By Alkali Springs Correspondent
For some reason when it seems as though spring has really hit the beautiful Bear Paws, our thoughts go to that old Johnson log house on the two cliffs on Clear Creek.
Maybe it is because we spent some of our formative years there, or maybe it was the intrigue that the cliffs provided. Mother, for instance, never gave up fearing that somehow we were going to go tumbling over one of those cliffs to our death down below even though there was no way that could happen. Truth be told, we were much more afraid of those cliffs than she was.
Or maybe it was the large log house. Most of our other cabins on Clear Creek has been one or two room shacks. This was a huge living room, kitchen and bedroom on one floor and three large bedrooms upstairs. That was some fishing shack!
And then Bee Lucke and C.L. Stuart, probably seeing the same potential for the cabin that we had, really worked hard to fix it up into a nice place to spend some time.
If it wasn't for the terrible cliffs and rattlesnakes, it would have been perfect. But then if it had been perfect, we would have never been there so life is a trade off, of sorts, all the time.
The cliffs were awesome! Probably the cabin to this day sits more or less straight with the world. It faces the south and to its back, just out the back door about three steps, was one old cliff. The creek 40 or 50 feet below had changed course sometime or another and that cliff had become a tangle of briars and undergrowth. To the east of the cabin, oh, maybe 10 or 20 feet away was another cliff, that one some 60 feet high (or so it seemed) and with Clear Creek right at the bottom of that one.
We think that sometime or another when the house was built, it was probably built at the top of two rather steep hills and through the years with floods and the like, those steep hills had eroded into dangerous cliffs. We cannot imagine another reason for that house to be placed where it was.
Most dangerous of all, though, was the outhouse that literally hung out on a precipice between those two cliffs. To get down to it, a path wandered steeply down to the outhouse that seemed to be trembling on its own cliffs held there just by a thicket of willows, thorn apples, buck brush and one or two lone quaking aspen trees.
One other thing and then we will get to this installment of Bee Lucke and C.L. Stuart. For some reason, they did not believe in flashlights. In fact, this fateful night might have occurred before there was even electricity in that cabin, but if there was electricity, there were not flashlights to see how to get down the steep path to the outhouse after dark.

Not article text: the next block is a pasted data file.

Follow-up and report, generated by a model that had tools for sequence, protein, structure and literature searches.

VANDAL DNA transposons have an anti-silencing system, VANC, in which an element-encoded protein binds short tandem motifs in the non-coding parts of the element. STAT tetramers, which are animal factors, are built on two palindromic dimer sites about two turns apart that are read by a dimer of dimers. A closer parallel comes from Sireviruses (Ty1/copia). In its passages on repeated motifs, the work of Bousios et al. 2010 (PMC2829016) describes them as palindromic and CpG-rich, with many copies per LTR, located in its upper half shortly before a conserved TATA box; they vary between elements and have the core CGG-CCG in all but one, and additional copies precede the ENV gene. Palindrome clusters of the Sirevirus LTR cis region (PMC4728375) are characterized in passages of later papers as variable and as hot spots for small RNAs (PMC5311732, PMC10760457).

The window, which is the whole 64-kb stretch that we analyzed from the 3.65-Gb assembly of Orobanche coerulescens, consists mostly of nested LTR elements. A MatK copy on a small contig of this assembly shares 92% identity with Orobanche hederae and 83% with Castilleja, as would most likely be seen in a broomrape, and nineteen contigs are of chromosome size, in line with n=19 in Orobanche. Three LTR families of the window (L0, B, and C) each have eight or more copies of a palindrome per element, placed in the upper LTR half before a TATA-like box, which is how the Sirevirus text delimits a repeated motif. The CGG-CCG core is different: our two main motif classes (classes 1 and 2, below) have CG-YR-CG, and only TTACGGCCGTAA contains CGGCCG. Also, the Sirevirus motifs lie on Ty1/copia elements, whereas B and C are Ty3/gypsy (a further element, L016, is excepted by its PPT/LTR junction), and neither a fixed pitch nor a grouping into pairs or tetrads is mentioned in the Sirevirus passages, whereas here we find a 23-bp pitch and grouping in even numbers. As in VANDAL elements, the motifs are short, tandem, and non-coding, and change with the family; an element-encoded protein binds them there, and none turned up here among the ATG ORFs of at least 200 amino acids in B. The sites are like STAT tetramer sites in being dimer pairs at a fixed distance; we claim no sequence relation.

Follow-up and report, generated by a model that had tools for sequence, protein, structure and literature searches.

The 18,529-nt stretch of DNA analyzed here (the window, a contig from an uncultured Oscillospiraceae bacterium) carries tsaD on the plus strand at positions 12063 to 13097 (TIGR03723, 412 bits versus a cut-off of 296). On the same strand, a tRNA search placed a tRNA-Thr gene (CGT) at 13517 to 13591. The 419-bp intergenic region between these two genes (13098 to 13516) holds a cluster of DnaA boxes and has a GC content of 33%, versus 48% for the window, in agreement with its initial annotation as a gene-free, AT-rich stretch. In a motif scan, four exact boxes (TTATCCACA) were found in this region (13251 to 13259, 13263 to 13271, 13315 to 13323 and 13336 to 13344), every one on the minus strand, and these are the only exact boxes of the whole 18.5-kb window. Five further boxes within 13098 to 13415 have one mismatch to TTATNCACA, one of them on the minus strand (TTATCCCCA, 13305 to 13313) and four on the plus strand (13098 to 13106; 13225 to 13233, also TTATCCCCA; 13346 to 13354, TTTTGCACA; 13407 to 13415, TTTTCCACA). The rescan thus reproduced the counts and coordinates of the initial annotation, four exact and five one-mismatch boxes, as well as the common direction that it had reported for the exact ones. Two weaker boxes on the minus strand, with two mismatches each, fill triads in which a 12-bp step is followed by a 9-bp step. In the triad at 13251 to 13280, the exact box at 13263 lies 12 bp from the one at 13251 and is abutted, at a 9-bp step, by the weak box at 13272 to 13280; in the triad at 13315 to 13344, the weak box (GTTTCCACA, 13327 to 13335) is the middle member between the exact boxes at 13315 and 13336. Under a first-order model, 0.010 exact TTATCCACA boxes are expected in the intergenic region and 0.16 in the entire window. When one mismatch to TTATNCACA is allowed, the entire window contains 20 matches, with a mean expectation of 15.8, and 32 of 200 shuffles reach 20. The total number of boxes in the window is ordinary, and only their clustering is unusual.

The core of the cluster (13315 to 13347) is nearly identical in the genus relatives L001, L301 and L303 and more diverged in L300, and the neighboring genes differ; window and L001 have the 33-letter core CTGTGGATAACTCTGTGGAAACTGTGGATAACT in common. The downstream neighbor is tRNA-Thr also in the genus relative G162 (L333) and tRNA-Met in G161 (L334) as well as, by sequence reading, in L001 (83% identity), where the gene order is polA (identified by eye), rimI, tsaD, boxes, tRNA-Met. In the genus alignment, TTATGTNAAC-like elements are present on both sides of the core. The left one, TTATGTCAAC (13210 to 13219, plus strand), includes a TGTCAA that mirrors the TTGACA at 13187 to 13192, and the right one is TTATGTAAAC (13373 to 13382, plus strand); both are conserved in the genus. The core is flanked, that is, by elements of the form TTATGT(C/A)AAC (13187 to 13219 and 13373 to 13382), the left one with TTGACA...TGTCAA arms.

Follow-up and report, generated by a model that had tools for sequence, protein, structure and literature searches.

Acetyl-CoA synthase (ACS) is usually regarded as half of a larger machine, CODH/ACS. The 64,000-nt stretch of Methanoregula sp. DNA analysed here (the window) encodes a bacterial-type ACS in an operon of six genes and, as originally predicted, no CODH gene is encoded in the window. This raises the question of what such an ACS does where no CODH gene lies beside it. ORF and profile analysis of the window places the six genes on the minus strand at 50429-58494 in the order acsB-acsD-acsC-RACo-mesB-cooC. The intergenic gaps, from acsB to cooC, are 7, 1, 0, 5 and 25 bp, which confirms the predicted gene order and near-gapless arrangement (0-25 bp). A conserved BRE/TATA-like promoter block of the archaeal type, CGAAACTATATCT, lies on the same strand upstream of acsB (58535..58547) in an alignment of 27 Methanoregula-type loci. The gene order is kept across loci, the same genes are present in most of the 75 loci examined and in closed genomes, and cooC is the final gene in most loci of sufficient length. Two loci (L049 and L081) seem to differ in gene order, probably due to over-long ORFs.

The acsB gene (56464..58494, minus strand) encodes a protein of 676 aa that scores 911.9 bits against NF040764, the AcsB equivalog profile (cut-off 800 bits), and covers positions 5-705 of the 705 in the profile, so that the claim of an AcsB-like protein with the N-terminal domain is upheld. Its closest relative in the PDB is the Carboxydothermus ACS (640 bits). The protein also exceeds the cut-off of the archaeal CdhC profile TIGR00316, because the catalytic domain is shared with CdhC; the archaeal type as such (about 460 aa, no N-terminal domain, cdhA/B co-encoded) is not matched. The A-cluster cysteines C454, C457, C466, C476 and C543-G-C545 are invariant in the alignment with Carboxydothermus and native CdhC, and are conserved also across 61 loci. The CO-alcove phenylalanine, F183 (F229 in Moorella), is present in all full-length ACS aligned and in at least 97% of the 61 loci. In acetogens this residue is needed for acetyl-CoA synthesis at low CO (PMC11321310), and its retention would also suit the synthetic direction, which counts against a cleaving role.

So on this particular night, there was C.L., Bee and four or five of their friends playing pinochle far into the night around a round table in the big kitchen of that cabin. We had long ago gone to bed and just heard the melody of quiet conversation along with the smell of beer and cigarette smoke to lull us to sleep. We never heard the rest of the story until we heard the woman screaming hysterically, but that is getting ahead of where we should be.
With the group was one man, a Havre fisherman, who the others never really cared for, and there was a couple of other Clear Creek fishing husbands and wives there, too, that night as we remember.
The first excitement occurred when this city-slicker type that no one gave a hoot about, asked to leave the table to step out the back door and go to the bathroom. Surely, he must have heard the snickers and realized something was up, but he did not. So out the door he went into the dark night and right over the cliff to the north. Interesting to note that even though he didn't come back for an hour, no one even worried about what had happened to him. They just continued playing cards, drinking Budweiser from those new fangled cans, smoking Kools or Camels, and telling each other stories they had all heard a million times before.
An hour later, in the front door came that poor fellow who had fallen all the way to the bottom of that north cliff. He was covered with brush, bruises and blood. No one asked him what happened. He did not offer an opinion. Just said goodbye, got into his car, and headed off for Havre.
A little later, one of the ladies of the group realized she had to go to the bathroom as well. No way was she going out the back door and close to the cliff or even going anywhere close to the outhouse in that dark night. So she went out the front door and tended to her business just about ten feet from the front door. She just got into her bathroom- going mode when all of a sudden she heard a loud buzzzzzzzzzzz right underneath her. She knew it was a rattlesnake immediately, screamed hysterically, and came running back into the house, her clothing still in a state of disrepair. That woke us up and sent most of the party to bed or home quickly.
Next morning she asked Bee what had happened to the fellow that wasn't there anymore. He looked our way, smiled and said, "Just another Saturday night on Clear Creek, Robby."